Vaccine is not a "silver bullet" that will end the nearly year-long pandemic which have already killed over 1.6 million,said the World Health Organization (WHO) regional office for the Western Pacific on Thursday and it called for greater vigilance amid the roll-out of Covid-19 vaccine.
"Whoever you are, wherever you live, as long as the virus is circulating somewhere, we all remain at risk, and we must keep preparing for the worst-case scenario," WHO Regional Director for the Western Pacific Takeshi Kasai said in a virtual media briefing, reports Xinhua.
Kasai appealed to the younger and socially active people aged under 40 to "do everything you can to avoid infection for yourself and everybody around you" despite the anxiety and uncertainties brought about by the pandemic.
"By following the advice of health authorities you can directly contribute to protecting the lives of people in your community and in doing so to reviving your society's economies in 2021," Kasai said.
"I urge you to think about those who may be at high risk of severe COVID. If you catch the virus, you could unknowingly pass it on to your parents or grandparents, your neighbor or friend with an underlying condition," Kasai said.
Moreover, he urged the young to "think of health workers who have been working day and night for almost a year. They are exhausted."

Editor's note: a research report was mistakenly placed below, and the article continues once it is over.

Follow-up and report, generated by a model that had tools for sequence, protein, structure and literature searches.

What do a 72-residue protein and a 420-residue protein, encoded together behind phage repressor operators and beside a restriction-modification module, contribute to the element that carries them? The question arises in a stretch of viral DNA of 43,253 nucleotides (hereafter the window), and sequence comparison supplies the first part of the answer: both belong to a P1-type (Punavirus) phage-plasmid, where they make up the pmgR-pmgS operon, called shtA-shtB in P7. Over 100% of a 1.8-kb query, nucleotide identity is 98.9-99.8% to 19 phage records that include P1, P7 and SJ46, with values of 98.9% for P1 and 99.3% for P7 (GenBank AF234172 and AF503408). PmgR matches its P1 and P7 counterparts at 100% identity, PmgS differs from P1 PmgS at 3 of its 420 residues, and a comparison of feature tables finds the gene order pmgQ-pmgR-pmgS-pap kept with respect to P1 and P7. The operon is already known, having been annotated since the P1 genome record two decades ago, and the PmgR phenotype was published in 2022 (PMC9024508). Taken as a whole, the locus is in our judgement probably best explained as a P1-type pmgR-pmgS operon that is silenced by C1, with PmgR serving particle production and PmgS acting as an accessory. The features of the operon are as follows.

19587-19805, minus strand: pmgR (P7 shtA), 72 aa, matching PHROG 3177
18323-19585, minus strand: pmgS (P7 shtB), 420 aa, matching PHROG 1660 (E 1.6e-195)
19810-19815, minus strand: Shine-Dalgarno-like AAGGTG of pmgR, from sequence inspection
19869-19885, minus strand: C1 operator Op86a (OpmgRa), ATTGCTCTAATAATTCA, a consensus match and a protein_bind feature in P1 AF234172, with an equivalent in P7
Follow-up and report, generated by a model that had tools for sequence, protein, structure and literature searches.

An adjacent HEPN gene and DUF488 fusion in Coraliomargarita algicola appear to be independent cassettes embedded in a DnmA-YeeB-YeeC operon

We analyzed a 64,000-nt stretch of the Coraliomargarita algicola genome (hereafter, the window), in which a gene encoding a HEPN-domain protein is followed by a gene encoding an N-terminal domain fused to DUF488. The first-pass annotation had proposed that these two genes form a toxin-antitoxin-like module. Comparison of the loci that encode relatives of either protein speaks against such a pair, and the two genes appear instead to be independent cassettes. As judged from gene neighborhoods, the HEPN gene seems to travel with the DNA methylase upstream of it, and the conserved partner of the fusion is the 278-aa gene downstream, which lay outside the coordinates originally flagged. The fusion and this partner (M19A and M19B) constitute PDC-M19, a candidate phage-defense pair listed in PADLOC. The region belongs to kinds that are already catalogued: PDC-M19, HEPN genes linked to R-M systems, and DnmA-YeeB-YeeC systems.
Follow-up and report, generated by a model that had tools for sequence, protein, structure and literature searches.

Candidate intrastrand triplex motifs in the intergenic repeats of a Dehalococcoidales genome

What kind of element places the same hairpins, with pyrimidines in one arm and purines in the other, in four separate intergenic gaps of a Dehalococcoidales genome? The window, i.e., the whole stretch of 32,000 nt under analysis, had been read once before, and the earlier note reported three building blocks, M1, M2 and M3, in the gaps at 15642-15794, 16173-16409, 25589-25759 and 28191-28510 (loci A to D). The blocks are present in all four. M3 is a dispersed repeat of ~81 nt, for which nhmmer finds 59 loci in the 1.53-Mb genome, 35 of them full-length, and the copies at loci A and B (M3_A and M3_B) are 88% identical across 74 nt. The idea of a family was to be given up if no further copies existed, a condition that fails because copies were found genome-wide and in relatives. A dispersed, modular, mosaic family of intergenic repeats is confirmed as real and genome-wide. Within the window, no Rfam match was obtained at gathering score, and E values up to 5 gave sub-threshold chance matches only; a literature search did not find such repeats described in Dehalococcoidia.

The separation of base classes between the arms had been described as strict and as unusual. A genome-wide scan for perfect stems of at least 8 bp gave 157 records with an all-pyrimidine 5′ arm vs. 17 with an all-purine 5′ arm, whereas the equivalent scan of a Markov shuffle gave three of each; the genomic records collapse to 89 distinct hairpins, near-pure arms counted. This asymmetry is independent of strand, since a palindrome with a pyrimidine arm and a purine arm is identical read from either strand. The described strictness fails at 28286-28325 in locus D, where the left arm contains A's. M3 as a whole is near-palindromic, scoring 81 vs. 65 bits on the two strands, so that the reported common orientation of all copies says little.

Kasai also appealed to the governments across the region "to use an additional layer of surveillance that picks up an early sign of infection among those groups that are difficult to catch with the existing system."
Kasai said the COVID-19 vaccines "are not a silver bullet that will end the pandemic in the near future."
"The development of a safe and effective vaccine is one thing but producing them in adequate quantities and reaching everyone that needs them is another. They will initially only be available in limited quantities and high-risk groups should be prioritized first," he said.
"This means that we are tired of this pandemic, we must stick to the actions and behavior which protect not only ourselves but also those around us. Hand washing, mask-wearing, physical distancing and avoiding places that have a high risk of transmission," he added.
"For now we must keep making the choices that will reduce transmission of the virus and protect our families and our communities. By doing so we can go into 2021 with hope," Kasai said.